Simo Häyhä after receiving his M28 rifle
Finnish Military Archives via Wikimedia Commons

Simo Häyhä went to the forest alone every day to hunt Red Army soldiers. Equipped with a snowy camouflage, armed with a Mosin sniper rifle and a Suomi KP submachine gun designed for close combat, he particularly looked out for Soviet commanders, political officers, sappers, and artillerymen whom he tried to eliminate first. He was quickly christened “White Death” because he was invisible to the invaders and deadly effective. The Russians were terrified of him and told each other stories about his abilities.

First and foremost, Häyhä was invisible to the enemy. Dressed entirely in a white snowsuit, with a white mask covering his face, he blended perfectly into his surroundings. To conceal his breath vapor, he held snow chunks in his mouth, and to avoid raising dust after firing, he poured water on the snowdrifts. He was capable of remaining motionless for hours, buried in snowdrifts in temperatures as low as -40°C, waiting for an opportunity to shoot. During this entire time, he mainly used a simple M/28-30 rifle (a modified version of an old Russian Mosin) without an optical sight – nevertheless, he was able to kill a man from a distance of up to 500 meters. He claimed that using a sight would require him to raise his head higher each time, which would expose him to detection by enemy shooters. Interestingly, Simo tried not to aim for the heads of his enemies. He believed that the chest was a larger and therefore more reliable target, and therefore he aimed for that point on the body before pulling the trigger.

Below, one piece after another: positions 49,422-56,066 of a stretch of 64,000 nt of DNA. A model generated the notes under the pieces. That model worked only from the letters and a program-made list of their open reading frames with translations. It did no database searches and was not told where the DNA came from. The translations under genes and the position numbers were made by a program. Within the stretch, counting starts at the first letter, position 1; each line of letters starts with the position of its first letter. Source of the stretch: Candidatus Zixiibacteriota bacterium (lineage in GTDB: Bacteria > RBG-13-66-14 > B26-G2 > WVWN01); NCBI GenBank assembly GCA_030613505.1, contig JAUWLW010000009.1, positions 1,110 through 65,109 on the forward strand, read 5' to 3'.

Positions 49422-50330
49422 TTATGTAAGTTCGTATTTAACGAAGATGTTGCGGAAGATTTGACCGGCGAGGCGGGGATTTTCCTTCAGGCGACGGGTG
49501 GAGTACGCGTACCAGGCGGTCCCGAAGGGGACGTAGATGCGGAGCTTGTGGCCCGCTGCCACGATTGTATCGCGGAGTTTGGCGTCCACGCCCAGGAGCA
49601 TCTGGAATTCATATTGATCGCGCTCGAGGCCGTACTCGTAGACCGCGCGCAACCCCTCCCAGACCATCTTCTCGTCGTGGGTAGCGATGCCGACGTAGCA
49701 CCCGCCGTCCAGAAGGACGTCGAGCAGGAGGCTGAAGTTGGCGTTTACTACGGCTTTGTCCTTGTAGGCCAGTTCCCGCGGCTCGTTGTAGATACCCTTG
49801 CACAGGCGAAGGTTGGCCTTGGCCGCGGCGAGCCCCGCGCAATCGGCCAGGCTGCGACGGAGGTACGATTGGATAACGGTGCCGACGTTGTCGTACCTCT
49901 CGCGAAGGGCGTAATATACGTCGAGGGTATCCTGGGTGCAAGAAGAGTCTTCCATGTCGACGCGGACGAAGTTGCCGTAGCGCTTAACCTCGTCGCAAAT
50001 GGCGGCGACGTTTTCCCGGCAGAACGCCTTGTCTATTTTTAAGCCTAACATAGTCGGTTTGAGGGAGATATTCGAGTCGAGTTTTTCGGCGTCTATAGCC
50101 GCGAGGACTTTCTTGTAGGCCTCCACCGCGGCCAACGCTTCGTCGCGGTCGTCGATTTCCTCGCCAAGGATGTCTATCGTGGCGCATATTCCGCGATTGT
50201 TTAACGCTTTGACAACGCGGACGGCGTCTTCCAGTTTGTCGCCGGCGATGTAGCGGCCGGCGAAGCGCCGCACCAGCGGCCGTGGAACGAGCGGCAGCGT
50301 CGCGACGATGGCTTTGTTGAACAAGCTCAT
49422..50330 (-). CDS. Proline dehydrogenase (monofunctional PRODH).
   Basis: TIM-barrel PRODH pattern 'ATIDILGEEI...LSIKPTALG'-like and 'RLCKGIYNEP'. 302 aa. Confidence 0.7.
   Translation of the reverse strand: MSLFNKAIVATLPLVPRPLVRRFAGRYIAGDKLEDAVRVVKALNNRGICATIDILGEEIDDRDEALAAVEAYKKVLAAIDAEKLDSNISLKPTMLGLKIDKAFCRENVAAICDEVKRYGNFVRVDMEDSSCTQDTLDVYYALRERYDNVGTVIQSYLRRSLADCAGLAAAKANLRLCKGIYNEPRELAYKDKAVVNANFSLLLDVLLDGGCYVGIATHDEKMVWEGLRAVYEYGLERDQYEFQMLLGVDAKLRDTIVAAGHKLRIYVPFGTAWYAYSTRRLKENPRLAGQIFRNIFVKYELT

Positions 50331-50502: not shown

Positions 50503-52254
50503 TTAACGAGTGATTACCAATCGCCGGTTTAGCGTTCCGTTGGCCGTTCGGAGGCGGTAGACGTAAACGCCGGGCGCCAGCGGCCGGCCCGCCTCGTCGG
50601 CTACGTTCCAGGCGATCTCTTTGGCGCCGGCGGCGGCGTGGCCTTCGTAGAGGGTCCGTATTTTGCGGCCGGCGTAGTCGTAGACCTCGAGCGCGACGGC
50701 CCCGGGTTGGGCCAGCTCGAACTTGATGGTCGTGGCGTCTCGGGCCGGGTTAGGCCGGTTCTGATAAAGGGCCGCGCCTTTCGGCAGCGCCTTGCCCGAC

Simö Häyhä’s uniform during the Winter War 
Source: SotamuseoSuomenlinna via Wikimedia Commons

Armed with a simple (but reliable) weapon and with an excellent knowledge of the terrain and his abilities, Simo Häyhä systematically and mercilessly dealt death to the enemies of Finland for over three months, killing an average of 5 Red Army soldiers per day, like a grim reaper.

Armia Czerwona starała się wyeliminować Fina, który bezkarnie dziesiątkował jej szeregi. Wysłany w celu zabicia Simo snajper został przez niego zastrzelony, gdy promienie słoneczne odbiły się od jego celownika optycznego zdradzając jego pozycję. Przez następne dni wojny najeźdźcy za pomocą artylerii bombardowali każde miejsce, gdzie tylko podejrzewano obecność Fina, licząc na to że genialny snajper zginie podczas brutalnego ostrzału – ten jednak zawsze potrafił ujść z życiem, tylko raz tracąc swój płaszcz przez zdetonowany w pobliżu szrapnel i innym razem odnosząc lekkie rany podczas ostrzału artyleryjskiego.